At one time, Paul Holmgren was a celebrated executive in these parts. This was in 2010, after he first traded for 34-year-old defenseman Chris Pronger, then signed him to a seven-year deal – moves that triggered a team previously dubbed fragile to the brink of its third Stanley Cup, derailed only by an impossible angled shot that found its way past a goaltender, Michael Leighton, who had spent much of his career and a chunk of that season playing minor-league hockey.

This was before Holmgren, then the Flyers’ general manager, failed to fix that goaltending problem with a series of equally gutsy moves, signing Ilya Bryzgalov to a nine-year deal worth $51 million, then trading eventual Vezina Trophy winner Sergei Bobrovsky the following year.

You live by the sword …

Chuck Fletcher had his own legacy of hits and misses in nine seasons as the general manager of the Minnesota Wild. (He actually traded a fourth-round pick for Bryz three seasons later!) On Friday, he made his first signature move as the Flyers’ GM when he traded right-handed defenseman Radko Gudas to Washington for right-handed defenseman Matt Niskanen.

Niskanen is a physical player, but he’s no Pronger. Then again, the added money of his contract and a chunk of Radko Gudas’s expiring one – part of the terms of Friday’s swap -- will not hogtie Fletcher the way Pronger’s and later Bryzgalov’s did Holmgren. Fletcher has been down that road in Minnesota, and judging by his first few months in office here, he appears to have extracted lessons from it.

There is still risk, of course. Niskanen at 32 last season was not the same player he was at 31, and Niskanen at 31 was not the player he was at 30. But there are some extenuating circumstances – hand injuries and a long run to the Stanley Cup championship in 2018 – that provide hope he can bounce back from this season the way Gudas bounced back from his 2017-18 campaign.

"I had never gone that far, so I wasn’t sure what to expect heading into the next season,’’ Niskanen was saying Friday. He had nine points in 24 games and was a plus-6 as Washington won its first-ever Stanley Cup in 2018. "At times I felt fine and had a lot of juice. But there were times during the year where, `Holy crap, am I tired.’ Whether it be mentally fatigued, or I didn’t seem to have the same pop in my legs. That’s a lot of hockey and a short recovery period. And I think it affected us at times during the year.’’

Niskanen was plus-24 in 68 games of the 2017-18 regular season.

He finished minus-3 over 80 games last season.

Gudas and Travis Sanheim were probably the Flyers’ most consistent defensemen last season. But there was a tradeoff. The fierce, on-the-edge-of-dirty approach that forced him to sit out a 10-game suspension the previous season also forced Gudas to dull that edge, and he was not nearly as feared as a result.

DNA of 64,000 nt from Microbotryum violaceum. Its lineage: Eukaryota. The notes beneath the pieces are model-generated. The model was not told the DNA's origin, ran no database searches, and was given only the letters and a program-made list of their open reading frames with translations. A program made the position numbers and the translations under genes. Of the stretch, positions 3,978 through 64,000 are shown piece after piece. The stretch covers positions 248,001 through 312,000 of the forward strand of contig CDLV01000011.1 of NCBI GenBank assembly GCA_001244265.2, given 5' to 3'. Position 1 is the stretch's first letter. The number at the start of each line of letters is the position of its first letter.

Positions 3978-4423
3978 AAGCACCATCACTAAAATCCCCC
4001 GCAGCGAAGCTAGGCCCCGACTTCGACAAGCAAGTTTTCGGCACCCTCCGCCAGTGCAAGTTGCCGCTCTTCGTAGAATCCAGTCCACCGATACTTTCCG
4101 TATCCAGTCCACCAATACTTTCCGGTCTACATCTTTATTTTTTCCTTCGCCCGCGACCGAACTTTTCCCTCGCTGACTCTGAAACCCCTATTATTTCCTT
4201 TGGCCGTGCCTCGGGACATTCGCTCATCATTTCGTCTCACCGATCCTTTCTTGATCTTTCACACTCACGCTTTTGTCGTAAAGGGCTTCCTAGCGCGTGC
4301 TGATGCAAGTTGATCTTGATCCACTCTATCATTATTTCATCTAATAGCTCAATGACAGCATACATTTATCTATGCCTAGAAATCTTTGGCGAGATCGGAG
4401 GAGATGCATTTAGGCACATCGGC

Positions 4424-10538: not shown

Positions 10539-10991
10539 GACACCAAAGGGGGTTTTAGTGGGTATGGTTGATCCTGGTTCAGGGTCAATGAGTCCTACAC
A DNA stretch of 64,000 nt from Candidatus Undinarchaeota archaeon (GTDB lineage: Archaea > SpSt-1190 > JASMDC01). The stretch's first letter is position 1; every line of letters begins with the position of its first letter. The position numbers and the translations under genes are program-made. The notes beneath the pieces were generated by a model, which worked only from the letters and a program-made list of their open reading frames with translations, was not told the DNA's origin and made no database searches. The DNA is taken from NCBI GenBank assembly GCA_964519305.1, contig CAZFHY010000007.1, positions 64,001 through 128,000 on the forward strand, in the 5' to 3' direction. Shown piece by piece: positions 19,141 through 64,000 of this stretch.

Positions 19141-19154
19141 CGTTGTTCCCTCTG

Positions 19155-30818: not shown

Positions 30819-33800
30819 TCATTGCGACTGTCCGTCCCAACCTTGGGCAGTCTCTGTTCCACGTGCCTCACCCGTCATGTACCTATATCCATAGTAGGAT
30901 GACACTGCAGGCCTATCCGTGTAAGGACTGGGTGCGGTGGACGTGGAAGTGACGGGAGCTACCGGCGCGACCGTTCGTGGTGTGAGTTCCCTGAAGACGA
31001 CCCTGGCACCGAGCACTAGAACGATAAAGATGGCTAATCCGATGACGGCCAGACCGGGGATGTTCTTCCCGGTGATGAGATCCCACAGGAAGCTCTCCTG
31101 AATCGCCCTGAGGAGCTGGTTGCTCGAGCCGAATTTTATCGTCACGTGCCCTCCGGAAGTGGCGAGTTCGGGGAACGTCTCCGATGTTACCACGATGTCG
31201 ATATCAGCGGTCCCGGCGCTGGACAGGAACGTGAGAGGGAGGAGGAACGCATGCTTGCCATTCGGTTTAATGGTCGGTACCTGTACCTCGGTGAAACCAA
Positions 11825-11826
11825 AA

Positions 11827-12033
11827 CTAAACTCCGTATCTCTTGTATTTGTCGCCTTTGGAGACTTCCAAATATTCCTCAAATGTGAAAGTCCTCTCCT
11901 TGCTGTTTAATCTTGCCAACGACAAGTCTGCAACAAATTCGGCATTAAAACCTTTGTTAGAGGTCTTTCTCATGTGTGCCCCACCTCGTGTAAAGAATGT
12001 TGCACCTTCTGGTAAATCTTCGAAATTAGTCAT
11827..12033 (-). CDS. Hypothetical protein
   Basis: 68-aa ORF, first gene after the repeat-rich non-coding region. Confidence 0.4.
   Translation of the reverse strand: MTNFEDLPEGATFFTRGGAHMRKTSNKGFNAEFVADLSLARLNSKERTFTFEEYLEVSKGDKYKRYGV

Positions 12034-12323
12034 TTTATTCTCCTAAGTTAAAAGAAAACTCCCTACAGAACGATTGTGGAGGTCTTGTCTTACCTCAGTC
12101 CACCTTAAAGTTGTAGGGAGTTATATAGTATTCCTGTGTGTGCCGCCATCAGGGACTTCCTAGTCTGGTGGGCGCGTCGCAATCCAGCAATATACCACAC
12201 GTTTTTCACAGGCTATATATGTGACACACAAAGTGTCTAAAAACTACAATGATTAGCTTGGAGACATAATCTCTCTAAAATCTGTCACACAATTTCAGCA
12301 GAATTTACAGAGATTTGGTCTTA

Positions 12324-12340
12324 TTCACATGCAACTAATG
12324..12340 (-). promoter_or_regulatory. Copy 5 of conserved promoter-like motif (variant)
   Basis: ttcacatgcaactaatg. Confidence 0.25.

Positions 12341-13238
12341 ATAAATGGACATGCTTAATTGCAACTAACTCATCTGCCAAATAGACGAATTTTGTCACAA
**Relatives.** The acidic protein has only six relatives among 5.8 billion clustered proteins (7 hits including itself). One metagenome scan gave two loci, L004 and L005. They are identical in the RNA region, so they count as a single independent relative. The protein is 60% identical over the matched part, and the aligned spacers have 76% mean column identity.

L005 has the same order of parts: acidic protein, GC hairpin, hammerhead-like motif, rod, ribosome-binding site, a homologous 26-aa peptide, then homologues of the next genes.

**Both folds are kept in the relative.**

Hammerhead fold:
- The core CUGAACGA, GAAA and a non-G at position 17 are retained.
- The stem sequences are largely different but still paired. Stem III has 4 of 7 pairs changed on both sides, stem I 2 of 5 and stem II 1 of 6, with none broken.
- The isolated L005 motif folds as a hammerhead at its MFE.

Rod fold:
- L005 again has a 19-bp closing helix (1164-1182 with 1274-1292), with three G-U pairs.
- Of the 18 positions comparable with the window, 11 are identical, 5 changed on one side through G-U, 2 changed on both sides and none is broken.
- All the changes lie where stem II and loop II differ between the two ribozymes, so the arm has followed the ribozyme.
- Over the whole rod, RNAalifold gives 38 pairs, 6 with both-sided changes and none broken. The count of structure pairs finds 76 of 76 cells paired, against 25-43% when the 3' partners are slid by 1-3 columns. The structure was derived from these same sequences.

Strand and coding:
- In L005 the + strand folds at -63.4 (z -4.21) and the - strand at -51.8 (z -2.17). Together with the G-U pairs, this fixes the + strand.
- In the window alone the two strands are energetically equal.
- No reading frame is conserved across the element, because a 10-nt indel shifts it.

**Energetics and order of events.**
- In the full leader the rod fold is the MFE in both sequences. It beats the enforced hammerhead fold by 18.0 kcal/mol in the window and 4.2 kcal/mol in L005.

And while honest to a fault in discussing himself and his team, the Czech who turned 29 last week was rarely if ever included in any list of leaders in a Flyers dressing room that could use a few more, especially with the departure of Wayne Simmonds.

By all accounts, Niskanen provides that. And he does so amid a promising but extremely young defense group. Andrew MacDonald, the lone defenseman older than 26, played in just 47 of the team’s 82 games last season and has one more season remaining on his $5 million-a-year contract. And he, like the rest of his teammates, has never been far into the playoffs.

"He just adds so much in terms of being able to help young players develop,’’ first-year Capitals head coach Todd Reirden said of Niskanen in November. "I’ve seen it here and in my prior location, the role that he’s had in the development of some really good young defensemen. He has a calming influence with how he plays the game. He plays it right and is able to add both offensively and defensively.’’

As long-term Flyers fans know, the team has reaped rewards injecting a little blue-line leadership into the group in the past. Derian Hatcher, Kimmo Timonen and of course, the most obvious, Pronger, were as important off the ice as they were on.

That’s what Fletcher hopes he’s found here. A guy whose professional approach can set a standard for a promising but uneven defensive core.

"I’ve been around, and I know what good hockey looks like, and what a good culture looks like,’’ said Niskanen. "I’ll come in and try to have real good practice habits and have a good attitude, bring a good work ethic. … I’m not going to be a rah-rah guy, but I think with my resume, my words hold a little bit of weight, especially with young players.’’